k = 0 \Rightarrow 2\left[\cos{\frac{(2(0)+1)\pi}{6}}+i\sin{\frac{(2(0)+1)\p  i}{6}}\right] = 2\left[\cos{\frac{(0+1)\pi}{6}}+i\sin{\frac{(0+1)\pi}{6}}  \right] =  2\left(\cos{\frac{\pi}{6}}+i\sin{\frac{\pi}{6}}\ri  ght)

    k = 1: \Rightarrow  2\left[\cos{\frac{(2(1)+1)\pi}{6}}+i\sin{\frac{(2(1)+1)\p  i}{6}}\right] =  2\left[\cos{\frac{(2+1)\pi}{6}}+i\sin{\frac{(2+1)\pi}{6}}  \right]  = 2\left(\cos{\frac{\pi}{2}}+i\sin{\frac{\pi}{2}}\ri  ght)

    k = 2: \Rightarrow  2\left[\cos{\frac{(2(2)+1)\pi}{6}}+i\sin{\frac{(2(2)+1)\p  i}{6}}\right] = 2\left[\cos{\frac{(4+1)\pi}{6}}+i\sin{\frac{(4+1)\pi}{6}}  \right] = {2\left(\cos{\frac{5\pi}{6}}+i\sin{\frac{5\pi}{6}}  \right)}

    k = 3: \Rightarrow  2\left[\cos{\frac{(2(3)+1)\pi}{6}}+i\sin{\frac{(2(3)+1)\p  i}{6}}\right] = 2\left[\cos{\frac{(6+1)\pi}{6}}+i\sin{\frac{(6+1)\pi}{6}}  \right] = {2\left(\cos{\frac{7\pi}{6}}+i\sin{\frac{7\pi}{6}}  \right)}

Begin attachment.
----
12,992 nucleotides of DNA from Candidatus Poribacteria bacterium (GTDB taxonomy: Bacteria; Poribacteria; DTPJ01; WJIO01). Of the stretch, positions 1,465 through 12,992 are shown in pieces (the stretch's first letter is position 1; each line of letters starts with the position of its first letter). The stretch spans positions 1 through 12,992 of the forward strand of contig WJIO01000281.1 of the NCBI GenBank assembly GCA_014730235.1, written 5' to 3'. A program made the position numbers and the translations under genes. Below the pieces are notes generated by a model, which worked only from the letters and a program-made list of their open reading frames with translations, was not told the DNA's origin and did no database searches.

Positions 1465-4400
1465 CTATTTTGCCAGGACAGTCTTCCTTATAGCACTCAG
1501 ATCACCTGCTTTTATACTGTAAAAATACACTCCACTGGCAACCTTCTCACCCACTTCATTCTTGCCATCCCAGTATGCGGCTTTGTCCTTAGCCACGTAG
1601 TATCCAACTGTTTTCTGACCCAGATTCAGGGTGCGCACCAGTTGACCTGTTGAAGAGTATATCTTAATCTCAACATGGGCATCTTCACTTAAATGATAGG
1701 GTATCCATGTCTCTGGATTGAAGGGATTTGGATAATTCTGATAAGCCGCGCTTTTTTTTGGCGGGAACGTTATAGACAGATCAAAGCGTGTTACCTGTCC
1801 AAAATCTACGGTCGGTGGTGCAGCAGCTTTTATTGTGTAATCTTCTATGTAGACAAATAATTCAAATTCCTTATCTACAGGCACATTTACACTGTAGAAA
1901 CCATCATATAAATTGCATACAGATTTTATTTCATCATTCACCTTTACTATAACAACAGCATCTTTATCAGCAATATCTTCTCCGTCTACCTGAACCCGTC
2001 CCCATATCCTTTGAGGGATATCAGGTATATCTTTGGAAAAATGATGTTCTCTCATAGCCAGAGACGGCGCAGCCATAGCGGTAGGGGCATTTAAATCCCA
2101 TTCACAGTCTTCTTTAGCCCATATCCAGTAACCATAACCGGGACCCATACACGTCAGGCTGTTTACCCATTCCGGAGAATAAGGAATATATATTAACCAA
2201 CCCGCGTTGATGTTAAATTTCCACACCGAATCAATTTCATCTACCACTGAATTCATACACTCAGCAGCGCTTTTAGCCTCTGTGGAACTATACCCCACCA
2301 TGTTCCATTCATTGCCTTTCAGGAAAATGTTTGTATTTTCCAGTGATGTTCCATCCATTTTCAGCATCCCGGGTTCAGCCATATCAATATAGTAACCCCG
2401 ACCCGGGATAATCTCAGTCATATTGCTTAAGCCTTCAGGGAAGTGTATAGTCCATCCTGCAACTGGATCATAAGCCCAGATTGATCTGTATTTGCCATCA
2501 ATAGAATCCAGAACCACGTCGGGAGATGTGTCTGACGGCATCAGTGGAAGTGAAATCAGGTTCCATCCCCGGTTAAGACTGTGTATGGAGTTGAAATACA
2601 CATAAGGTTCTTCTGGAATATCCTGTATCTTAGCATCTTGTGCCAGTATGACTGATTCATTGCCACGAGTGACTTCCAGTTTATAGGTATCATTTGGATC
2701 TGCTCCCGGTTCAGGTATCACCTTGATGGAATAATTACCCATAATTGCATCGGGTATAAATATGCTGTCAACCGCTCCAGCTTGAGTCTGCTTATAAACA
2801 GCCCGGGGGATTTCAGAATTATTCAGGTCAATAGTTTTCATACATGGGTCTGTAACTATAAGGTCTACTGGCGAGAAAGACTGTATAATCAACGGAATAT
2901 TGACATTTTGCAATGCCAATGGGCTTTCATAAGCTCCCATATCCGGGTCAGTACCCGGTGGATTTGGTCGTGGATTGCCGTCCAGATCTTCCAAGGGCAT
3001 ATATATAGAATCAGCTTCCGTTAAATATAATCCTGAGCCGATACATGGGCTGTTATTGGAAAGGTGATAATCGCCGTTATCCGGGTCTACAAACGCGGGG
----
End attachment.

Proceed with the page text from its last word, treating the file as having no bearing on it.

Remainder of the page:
k = 4: \Rightarrow  2\left[\cos{\frac{(2(4)+1)\pi}{6}}+i\sin{\frac{(2(4)+1)\p  i}{6}}\right] = 2\left[\cos{\frac{(8+1)\pi}{6}}+i\sin{\frac{(8+1)\pi}{6}}  \right] = {2\left(\cos{\frac{3\pi}{2}}+i\sin{\frac{3\pi}{2}}  \right)}

    k = 5: \Rightarrow  2\left[\cos{\frac{(2(5)+1)\pi}{6}}+i\sin{\frac{(2(5)+1)\p  i}{6}}\right] = 2\left[\cos{\frac{(10+1)\pi}{6}}+i\sin{\frac{(10+1)\pi}{6  }}\right] = {2\left(\cos{\frac{11\pi}{6}}+i\sin{\frac{11\pi}{6  }}\right)}

    So, the answers are:  2\left(\cos{\frac{\pi}{6}}+i\sin{\frac{\pi}{6}}\ri  ght), {2\left(\cos{\frac{\pi}{2}}+i\sin{\frac{\pi}{2}}\r  ight)}, {2\left(\cos{\frac{5\pi}{6}}+i\sin{\frac{5\pi}{6}}  \right)}, {2\left(\cos{\frac{7\pi}{6}}+i\sin{\frac{7\pi}{6}}  \right)}, {2\left(\cos{\frac{3\pi}{2}}+i\sin{\frac{3\pi}{2}}  \right)}, and {2\left(\cos{\frac{11\pi}{6}}+i\sin{\frac{11\pi}{6  }}\right)}.